Debate, diplomacy, and dynamism: 2014 was a headline-generating year for Pope Francis and the Catholic Church. The pope encouraged open debate about controversial topics, stepped up his diplomatic game on the world stage, and continued to shape the Church in his unpredictable yet wholly entertaining style.
Russia-watchers and Russians have spent much of the year debating what's behind Putin's adventurism in Ukraine, his meddling in eastern Europe's Baltic states, his support for anti-American dictators like Syria's Bashar al-Assad and North Korea's Kim Jong Un, and the headaches he is generally causing Western leaders.
The idea of Russian “soft power” became fashionable, but it was very different to European “soft power”. So-called Russian soft power was just “softer power”, including any means of coercion not involving tanks. It was, in the English phrase, “softly-softly” power, or “covert power”, the type of behind-the-scenes influence encapsulated in the Russian phrase kuluarna polityka – politics in corridors, not just away from public influence, but without formal record.
Russia has donated a Christmas tree to the Notre Dame cathedral in France, following an appeal for help. The cathedral had struggled to raise the money for its annual tree and appealed to foreign embassies in Paris for assistance.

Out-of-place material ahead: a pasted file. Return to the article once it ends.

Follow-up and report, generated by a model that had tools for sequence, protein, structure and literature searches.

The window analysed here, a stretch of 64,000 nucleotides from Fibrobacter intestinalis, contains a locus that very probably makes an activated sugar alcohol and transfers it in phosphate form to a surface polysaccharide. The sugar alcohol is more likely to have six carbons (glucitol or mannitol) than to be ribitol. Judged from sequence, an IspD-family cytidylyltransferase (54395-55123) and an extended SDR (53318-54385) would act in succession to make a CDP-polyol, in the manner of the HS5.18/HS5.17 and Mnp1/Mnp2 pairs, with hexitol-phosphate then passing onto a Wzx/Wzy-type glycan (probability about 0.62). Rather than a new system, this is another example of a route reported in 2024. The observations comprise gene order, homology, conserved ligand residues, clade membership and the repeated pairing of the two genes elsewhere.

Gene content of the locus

Russia has condemned legislation passed by the United States Congress authorizing $350 million in military aid to Ukraine's government, which has been fighting pro-Russian separatists in the east.
Russian President Vladimir Putin’s covert aggression in Ukraine continues – and so do Western sanctions against his country. But the economy is not all that is under threat; Russia’s soft power is dwindling, with potentially devastating results.
The fact that families run from a war zone is heartbreaking but hardly unexpected. (...) Most of those who fled were Russian speakers from the east, but this still raises a sobering question: If this is a conflict between Ukraine and Russia, why did so many Ukrainians choose to cast their lot with the enemy?
Twenty-five years after the fall of the Berlin Wall signaled the collapse of the Kremlin’s grip on eastern Europe, Russia is reasserting some of its lost influence. That is most obvious in Ukraine, where unmarked tanks roll across the countryside in support of pro-Russian separatists.